I can go through the motions to analyze this second commercial, but it does not hold my interest the way the parking deck one does. Buy a car. And you won’t be trapped. Or vulnerable. Or where you are not supposed to be. And if you’re not a woman? Then, nevermind, this is just a clever play on current societal obsessions with identity theft.
Wednesday, April 1, 2009
Anyway, I am working up some thoughts about the ad. In the meantime, I thought I'd share the link so you can take a look at it without (yet) being faced with my ramblings on its meaning(s).
Thursday, March 12, 2009
In my grad class last night, we discussed African American's "racial uplift" approach to challenging discrimination in the early twentieth century. One of my grad students caught me in the hall during break to ask, "Do you feel comfortable talking about race with black students in the class?"
I was taken aback. This white student is older than me by 15 years or so and a veteran high school history teacher.
"Of course," I say and then I ask, "Are all your students white?"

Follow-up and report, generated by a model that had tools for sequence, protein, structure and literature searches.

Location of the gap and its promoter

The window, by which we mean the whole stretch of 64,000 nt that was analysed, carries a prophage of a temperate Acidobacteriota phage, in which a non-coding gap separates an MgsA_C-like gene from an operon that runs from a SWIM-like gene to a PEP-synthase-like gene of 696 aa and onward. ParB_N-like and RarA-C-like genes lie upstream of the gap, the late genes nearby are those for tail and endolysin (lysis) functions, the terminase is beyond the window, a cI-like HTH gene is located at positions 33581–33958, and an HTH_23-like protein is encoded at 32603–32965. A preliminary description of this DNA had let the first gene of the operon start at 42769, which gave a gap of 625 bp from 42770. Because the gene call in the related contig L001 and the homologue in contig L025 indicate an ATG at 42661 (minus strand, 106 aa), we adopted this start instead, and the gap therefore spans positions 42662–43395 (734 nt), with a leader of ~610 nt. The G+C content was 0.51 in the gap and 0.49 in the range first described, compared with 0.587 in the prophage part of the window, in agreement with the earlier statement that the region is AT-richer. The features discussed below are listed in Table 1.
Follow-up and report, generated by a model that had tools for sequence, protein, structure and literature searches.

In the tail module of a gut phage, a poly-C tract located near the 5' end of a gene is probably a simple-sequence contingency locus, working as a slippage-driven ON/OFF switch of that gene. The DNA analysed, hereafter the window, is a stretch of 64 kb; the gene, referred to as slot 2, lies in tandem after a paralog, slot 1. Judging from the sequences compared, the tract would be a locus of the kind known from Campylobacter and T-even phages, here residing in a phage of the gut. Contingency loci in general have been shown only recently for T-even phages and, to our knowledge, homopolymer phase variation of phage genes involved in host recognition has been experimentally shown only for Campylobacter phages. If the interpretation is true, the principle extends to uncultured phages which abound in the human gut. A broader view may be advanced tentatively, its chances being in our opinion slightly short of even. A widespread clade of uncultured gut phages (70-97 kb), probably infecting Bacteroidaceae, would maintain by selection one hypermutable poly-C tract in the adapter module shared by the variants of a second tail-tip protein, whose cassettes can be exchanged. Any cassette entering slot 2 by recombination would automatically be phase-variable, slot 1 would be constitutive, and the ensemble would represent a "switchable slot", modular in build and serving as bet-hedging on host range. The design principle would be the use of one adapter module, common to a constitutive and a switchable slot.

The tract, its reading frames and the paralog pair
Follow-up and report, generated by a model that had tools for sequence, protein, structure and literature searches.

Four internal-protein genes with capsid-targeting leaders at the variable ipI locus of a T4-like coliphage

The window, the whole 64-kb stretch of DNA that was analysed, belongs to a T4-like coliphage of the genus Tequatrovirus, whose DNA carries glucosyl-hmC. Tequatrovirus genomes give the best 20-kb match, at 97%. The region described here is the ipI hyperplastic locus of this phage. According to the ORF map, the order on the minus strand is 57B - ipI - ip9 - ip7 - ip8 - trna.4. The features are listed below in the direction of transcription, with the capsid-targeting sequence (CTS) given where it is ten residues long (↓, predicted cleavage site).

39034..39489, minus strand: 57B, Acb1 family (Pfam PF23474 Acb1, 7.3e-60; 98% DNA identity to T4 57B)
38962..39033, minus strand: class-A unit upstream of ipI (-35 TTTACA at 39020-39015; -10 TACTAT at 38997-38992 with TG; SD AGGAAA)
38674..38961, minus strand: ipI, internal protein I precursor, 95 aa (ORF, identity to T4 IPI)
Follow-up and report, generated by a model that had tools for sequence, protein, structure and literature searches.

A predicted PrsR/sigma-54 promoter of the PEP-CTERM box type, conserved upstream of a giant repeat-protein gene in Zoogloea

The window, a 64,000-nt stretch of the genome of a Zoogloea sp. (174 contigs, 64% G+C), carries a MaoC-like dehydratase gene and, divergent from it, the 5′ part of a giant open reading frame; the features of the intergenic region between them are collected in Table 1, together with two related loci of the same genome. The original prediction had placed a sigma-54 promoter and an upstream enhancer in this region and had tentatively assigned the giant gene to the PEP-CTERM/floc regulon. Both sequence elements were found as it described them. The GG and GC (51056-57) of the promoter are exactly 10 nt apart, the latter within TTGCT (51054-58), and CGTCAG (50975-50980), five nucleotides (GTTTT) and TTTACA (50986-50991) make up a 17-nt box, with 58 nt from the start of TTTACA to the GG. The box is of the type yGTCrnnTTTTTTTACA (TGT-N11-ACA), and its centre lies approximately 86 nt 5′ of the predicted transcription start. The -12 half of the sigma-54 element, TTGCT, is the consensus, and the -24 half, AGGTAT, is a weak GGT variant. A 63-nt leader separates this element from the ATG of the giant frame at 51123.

"Yes, and I don't think I could talk about race if they weren't."
Once I recognized her hesitancy, I started to see several others who were holding themselves back. A wave of inspiration would pass over their faces, their mouths might open, they would sit up a little taller, only to slump back down. I finally had to stop them and remind them that intellectual exploration and debate was the whole point of the course. And then I still had to pull ideas out of several of them, white and black alike, so hesitant were they to criticize African American leaders from a century ago -- lest they look racist (white students' fear) or reveal that a form of racism might have been at work in the black community (black students' fear).